NOYB argued that such errors are unacceptable for information about individuals because EU law stipulates that personal data must be accurate.

"If a system cannot produce accurate and transparent results, it cannot be used to generate data about individuals," said Maartje de Graaf, data-protection lawyer at NOYB. "The technology has to follow the legal requirements, not the other way around."

ChatGPT "repeatedly provided incorrect information" about the birth date of NOYB founder Max Schrems "instead of telling users that it doesn't have the necessary data", said the group.

OpenAI refused Schrems's request to rectify or erase the data despite it being incorrect, saying it was impossible, NOYB added.

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NOYB also said it "failed to adequately respond" to his request to access his personal data, again in violation of EU law, and the firm "seems not even to pretend that it can comply."

READ ALSO: Five reasons not to trust ChatGPT about Austrian politics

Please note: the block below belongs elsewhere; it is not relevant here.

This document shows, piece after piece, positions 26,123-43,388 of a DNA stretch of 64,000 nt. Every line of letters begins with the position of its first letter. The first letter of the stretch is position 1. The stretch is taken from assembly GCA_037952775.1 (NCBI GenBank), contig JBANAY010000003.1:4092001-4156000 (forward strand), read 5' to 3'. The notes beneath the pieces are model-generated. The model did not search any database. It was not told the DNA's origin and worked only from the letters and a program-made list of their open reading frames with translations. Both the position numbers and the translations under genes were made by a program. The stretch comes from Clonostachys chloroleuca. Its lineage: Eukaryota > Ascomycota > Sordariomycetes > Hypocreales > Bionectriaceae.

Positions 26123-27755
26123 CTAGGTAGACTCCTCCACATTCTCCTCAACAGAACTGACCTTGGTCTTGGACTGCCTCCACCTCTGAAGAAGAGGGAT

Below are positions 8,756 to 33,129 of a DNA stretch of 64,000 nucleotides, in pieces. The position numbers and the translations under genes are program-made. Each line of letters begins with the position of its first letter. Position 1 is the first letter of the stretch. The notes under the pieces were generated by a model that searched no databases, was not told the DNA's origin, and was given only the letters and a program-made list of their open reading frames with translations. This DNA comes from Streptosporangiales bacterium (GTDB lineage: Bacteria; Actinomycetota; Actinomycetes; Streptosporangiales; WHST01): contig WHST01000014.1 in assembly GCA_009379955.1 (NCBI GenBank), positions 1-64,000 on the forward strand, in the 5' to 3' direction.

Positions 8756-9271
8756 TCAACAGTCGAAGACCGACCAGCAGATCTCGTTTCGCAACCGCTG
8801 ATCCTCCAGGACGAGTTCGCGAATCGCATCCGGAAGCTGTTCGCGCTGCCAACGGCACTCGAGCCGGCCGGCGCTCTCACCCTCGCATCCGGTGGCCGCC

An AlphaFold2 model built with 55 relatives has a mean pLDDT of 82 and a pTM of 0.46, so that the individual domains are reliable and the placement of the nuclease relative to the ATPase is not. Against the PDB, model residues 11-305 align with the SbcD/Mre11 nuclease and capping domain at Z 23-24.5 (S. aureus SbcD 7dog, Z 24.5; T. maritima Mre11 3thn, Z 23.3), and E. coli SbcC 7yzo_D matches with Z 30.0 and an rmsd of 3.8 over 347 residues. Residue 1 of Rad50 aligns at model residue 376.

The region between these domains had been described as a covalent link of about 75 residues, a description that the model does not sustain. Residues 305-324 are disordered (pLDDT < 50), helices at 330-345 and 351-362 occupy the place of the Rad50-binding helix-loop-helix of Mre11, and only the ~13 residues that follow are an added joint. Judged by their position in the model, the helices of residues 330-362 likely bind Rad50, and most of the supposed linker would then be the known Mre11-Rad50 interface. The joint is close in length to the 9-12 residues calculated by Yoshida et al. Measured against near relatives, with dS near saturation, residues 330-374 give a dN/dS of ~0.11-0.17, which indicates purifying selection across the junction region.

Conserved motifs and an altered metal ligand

Four injured in an altercation at Stephansplatz underground station

A 22-year-old man was injured with a Stanley knife in Stephansplatz underground station after intervening to protect a 63-year-old woman from an attacker.

The young man reportedly stopped the unknown assailant from harming the woman. While fleeing, he collided with a 35-year-old father pushing a pram, causing them both to fall and lightly injuring the father and baby.

Emergency services treated everyone at the scene, and the baby and the woman were taken to the hospital for further evaluation.

The attacker fled before police arrived. A search is underway to apprehend the suspect. Police are investigating the motive and any connection between those involved.

If you have any questions about life in Austria, ideas for articles, or news tips for The Local, you can contact us at [email protected] or leave a comment below.